(au) The male patient aged 31 years old was confirmed with human avian influenza subtype H5N1severe pneumonia complicated by ARDS. (ac) On the 9th day after the onset of the disease, chest CT showed large patchy consolidation shadows at the left lung, with air bronchogram observable in between. The right lung was seen with scattered patchy ground-glass shadows. (df) On the 34th day after the onset of the disease, both lungs were found with extensive consolidation shadows and ground-glass shadows; the left lung presented mainly consolidation shadows and air bronchogram. There were shrinkage of left inferior lobe and aggregation of lung texture. (gi) On the 96th day after the onset, both lungs were visualized with patchy inhomogeneous consolidation shadows and cord-like shadows, with patchy ground-glass shadows seen peripheral to consolidation shadows at both lungs. (jl) On the 286th day after the onset of the disease, CT revealed that foci of both lungs were predominated by pulmonary interstitial changes such as fibrous cord-like and latticed shadows, with concurrent ground-glass shadows. Absorption of the foci slowed down distinctly. (mo) 2 years after onset of the disease, CT unveiled fibrous strip and latticed shadows in both lungs, and patchy ground-glass shadows at the left superior lung and bilateral inferior lungs. Compared with the chest CT presentations 1 year before, the foci were slightly absorbed. (ps) 39 months after the onset of the disease, chest CT suggested fibrous strip and latticed shadows at bilateral superior lungs as well as thickening of interlobular septum, paramediastinal emphysema, small consolidation shadow, and signs of bronchiectasis. The left superior and right inferior lung were detected with small patchy ground-glass shadows. (tu) 5 years and 7 months after the onset of the disease, both lungs were visualized still with fibrous strip shadow, latticed shadow, and bronchiectasis signs, particularly at the right middle lobe and left superior lobe. Both lungs were found with small consolidation shadows and small patchy ground-glass shadows

Fig. 3.14

(ah) The 56-year-old male patient was detected with avian influenza H7N9 pneumonia. (a, b) On the 6th day after the onset of the disease, chest CT indicated large patchy consolidation shadows at right inferior lung lobe accompanied by air bronchogram. The right middle lobe and subpleural area of left lung were visualized with scattered patchy ground-glass shadows. (c, d) On the 13th day after the onset of the disease, chest CT suggested absorption of large patchy consolidation shadows at the right inferior lung lobe. The left inferior lung was found with ground-glass shadows. (e, f) On the 21st day after the onset of the disease, chest CT demonstrated obvious absorption of large patch of consolidation at right lung lobes. (g, h) On the 25th day after the onset of the disease, chest CT revealed fibrous strip shadows at the right lung lobes. The left lung and right superior lung presented with absorption of the patchy ground-glass shadows

3.7.2 Imaging Differential Diagnosis of Human Avian Influenza Pneumonia

The imaging manifestations of human avian influenza pneumonia comprise disseminated lung consolidation shadows and ground-glass shadows, and intrapulmonary foci occur at an early time and last a long time. Pulmonary lesions present with rapid progression and could extend rapidly into large patchy and disseminated lesions in a short period. The density change of the lesions, or the mutual transformation between ground-glass change and consolidation density, is also very fast. Besides, imaging signs of acute respiratory distress syndrome may also appear in a short time. Due to the lack of specific diagnostic method of human avian influenza pneumonia, clinical diagnosis entails comprehensive analysis of several examination methods, including epidemiologic history, laboratory examination, chest imaging, and observation of the effects of antibiotics therapy.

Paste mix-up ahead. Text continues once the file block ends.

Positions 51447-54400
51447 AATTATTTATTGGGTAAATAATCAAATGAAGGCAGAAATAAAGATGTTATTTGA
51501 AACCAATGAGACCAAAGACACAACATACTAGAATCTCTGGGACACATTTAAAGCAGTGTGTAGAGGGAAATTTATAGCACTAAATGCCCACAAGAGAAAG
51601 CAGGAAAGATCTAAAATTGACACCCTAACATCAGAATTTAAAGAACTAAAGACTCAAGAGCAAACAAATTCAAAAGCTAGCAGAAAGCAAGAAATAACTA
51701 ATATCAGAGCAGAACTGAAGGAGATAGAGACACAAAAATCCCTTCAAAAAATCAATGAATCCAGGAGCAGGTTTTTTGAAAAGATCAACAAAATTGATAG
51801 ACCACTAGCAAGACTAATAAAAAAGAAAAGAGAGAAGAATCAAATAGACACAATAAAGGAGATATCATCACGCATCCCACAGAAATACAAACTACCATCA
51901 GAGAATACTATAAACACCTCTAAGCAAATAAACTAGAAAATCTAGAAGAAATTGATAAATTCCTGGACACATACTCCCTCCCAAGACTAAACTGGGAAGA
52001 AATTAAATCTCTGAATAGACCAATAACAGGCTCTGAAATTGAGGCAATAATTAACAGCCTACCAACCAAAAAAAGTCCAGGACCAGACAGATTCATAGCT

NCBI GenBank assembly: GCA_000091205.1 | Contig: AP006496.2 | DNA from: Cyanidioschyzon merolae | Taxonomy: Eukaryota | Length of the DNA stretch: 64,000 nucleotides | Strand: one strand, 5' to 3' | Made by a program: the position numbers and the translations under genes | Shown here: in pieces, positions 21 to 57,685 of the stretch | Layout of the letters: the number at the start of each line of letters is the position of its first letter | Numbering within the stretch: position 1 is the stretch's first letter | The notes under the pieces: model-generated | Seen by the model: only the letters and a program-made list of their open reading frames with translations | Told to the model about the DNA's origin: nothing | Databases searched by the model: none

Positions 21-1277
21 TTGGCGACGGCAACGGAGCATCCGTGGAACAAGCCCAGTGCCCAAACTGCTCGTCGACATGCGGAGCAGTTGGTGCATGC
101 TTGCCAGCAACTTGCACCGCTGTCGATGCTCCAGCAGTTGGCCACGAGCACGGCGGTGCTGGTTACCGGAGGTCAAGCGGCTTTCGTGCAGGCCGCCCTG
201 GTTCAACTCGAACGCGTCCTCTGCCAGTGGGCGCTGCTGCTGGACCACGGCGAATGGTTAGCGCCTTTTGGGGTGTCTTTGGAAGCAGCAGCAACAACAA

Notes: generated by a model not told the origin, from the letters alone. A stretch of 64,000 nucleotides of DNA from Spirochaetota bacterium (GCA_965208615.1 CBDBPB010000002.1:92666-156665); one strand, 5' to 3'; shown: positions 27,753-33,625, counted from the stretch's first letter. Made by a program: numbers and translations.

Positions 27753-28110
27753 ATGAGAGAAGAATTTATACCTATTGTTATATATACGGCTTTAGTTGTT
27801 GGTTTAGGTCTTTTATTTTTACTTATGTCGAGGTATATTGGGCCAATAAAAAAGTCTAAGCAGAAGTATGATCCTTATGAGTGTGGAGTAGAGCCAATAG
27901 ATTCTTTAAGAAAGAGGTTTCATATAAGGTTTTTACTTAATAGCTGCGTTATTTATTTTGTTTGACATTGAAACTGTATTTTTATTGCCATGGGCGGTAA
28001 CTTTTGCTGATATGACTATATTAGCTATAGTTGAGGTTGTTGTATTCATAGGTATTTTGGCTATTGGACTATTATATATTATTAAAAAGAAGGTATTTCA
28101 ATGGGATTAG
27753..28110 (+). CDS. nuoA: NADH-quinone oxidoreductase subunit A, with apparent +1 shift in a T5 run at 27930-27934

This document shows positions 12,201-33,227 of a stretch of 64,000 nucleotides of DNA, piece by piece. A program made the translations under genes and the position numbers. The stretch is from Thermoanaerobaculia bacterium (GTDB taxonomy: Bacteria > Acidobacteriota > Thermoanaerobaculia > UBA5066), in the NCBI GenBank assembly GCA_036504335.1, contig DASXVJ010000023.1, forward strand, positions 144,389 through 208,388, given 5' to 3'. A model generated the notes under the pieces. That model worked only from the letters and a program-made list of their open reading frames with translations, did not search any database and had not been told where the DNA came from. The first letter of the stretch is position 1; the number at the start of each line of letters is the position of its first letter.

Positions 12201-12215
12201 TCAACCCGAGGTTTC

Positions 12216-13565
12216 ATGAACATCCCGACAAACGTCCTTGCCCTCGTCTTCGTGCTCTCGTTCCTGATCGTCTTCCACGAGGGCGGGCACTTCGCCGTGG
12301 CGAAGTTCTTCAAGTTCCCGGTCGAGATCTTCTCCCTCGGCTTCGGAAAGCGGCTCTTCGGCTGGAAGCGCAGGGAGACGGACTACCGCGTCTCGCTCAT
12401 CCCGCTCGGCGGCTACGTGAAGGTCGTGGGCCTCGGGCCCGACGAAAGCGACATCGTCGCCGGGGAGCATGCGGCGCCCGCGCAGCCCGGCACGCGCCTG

The differential diagnosis of human avian influenza pneumonia depends on imaging manifestations combined with the patients’ history and clinical and laboratory examinations. Clinically the disease must be differentiated from viral pneumonia such as H1N1 and SARS, mainly from the epidemiological history; laboratory examinations, clinical and imaging characteristics; as well as immune impairment. Their common imaging presentations are ground-glass shadows and pulmonary consolidation shadows, with lesions of rapid change and progression. However, human avian influenza pneumonia demonstrates the fastest progression of the foci and early lesions mainly at the both inferior lung lobes, but such characteristics are not obvious in the case of H1N1 and SARS.

3.7.3 Imaging Manifestations of the Complications of Human Avian Influenza Pneumonia

Complication of human avian influenza pneumonia is an important factor affecting the prognosis, which should be highlighted. In the course of treatment of human avian influenza, antivirus drugs, glucocorticoid steroids, and broad-spectrum antibiotics are administered, and positive airway pressure or tracheal cannula may be applied in some patients. Reasonable use of such procedures is of great significance for raising the successful therapeutic rate of patients with human avian influenza pneumonia and lowering mortality rate. However, due to the decrease of the resistance of patients, the drugs and therapies themselves may induce side reactions t and incur corresponding complications. The primary complications of human avian influenza pneumonia encompass secondary lung infection, mediastinal and subcutaneous emphysema, pneumothorax, lung fibrosis, and nonbacterial necrosis of the head of the femur. These complications or sequelae are also discovered mainly by imaging. Knowledge about human avian influenza imaging presentations could help elevate the curative rate and decrease mortality of human avian influenza.